We sat and waited in the emergency room for hours on end.
The Ngram demonstrates that the frequency of usage of the saying is hours, then days, then months, lastly years - which might have been expected.
Quora, in answer to the question of origin states :
The idiomatic "on end" -- meaning consecutively, without intermission -- dates back to 1634, according to the Oxford English Dictionary.
But that is not quite correct, for the 1634 reference is not about time at all.
1634 S. Rutherford Lett. (1863) I. xxxii. 111 And was brought, thrice on end, in remembrance of you in my prayer to God.
The first quote I can find that is relevant is just four lines below the 1634 one :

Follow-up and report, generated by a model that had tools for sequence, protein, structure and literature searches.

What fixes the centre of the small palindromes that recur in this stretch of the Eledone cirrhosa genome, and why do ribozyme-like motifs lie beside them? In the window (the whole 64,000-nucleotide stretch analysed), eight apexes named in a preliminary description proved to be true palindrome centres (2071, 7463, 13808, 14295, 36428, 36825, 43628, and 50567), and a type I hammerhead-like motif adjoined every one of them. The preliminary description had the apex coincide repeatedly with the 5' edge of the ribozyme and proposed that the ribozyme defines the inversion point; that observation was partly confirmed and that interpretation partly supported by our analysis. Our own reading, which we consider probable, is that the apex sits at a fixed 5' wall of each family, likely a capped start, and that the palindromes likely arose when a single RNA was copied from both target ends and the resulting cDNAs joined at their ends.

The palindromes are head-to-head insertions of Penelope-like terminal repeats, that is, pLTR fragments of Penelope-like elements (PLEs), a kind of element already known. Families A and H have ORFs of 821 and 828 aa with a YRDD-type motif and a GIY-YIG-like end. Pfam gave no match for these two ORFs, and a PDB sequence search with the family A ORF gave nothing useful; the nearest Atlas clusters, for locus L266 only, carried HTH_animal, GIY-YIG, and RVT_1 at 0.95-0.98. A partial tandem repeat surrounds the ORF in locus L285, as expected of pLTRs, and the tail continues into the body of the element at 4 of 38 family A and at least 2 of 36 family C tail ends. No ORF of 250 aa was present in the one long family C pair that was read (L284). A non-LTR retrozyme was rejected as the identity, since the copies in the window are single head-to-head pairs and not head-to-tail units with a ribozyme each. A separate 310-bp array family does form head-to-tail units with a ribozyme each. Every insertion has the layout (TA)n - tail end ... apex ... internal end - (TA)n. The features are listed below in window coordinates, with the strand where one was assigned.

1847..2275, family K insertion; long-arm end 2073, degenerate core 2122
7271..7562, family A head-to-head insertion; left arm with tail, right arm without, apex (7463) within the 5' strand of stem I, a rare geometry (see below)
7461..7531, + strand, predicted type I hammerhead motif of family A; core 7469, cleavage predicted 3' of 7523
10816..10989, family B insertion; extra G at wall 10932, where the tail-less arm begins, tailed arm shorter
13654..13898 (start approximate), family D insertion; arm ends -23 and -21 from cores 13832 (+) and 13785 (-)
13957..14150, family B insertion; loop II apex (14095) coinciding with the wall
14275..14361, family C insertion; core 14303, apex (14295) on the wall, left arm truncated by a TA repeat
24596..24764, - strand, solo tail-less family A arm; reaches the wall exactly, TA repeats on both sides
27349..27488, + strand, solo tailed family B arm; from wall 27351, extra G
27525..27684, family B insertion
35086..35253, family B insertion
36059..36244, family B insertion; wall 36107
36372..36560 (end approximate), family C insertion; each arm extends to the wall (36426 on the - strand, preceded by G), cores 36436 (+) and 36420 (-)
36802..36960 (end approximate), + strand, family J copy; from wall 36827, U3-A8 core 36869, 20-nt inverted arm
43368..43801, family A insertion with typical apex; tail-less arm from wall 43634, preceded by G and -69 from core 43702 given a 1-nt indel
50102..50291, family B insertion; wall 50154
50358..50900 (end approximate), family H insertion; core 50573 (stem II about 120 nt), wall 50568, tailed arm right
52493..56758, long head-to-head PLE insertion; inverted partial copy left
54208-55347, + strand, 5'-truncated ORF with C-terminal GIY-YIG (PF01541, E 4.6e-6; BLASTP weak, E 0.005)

1882 W. Besant All Sorts of Men I. vii. 184 Working sixteen hours on end at twopence an hour.
But what does it actually mean ? Is the concept viewing time like a ladder, up-ended, so that we look at the stretchers of the ladder (one above the other) like hour-long slats heaped up ?
I wonder if 'on end' originally came from the expression 'end on end' regarding physical objects laid end against end in a line.
The Ngram for 'end on end' shows that it pre-dates 'on end' by twenty years.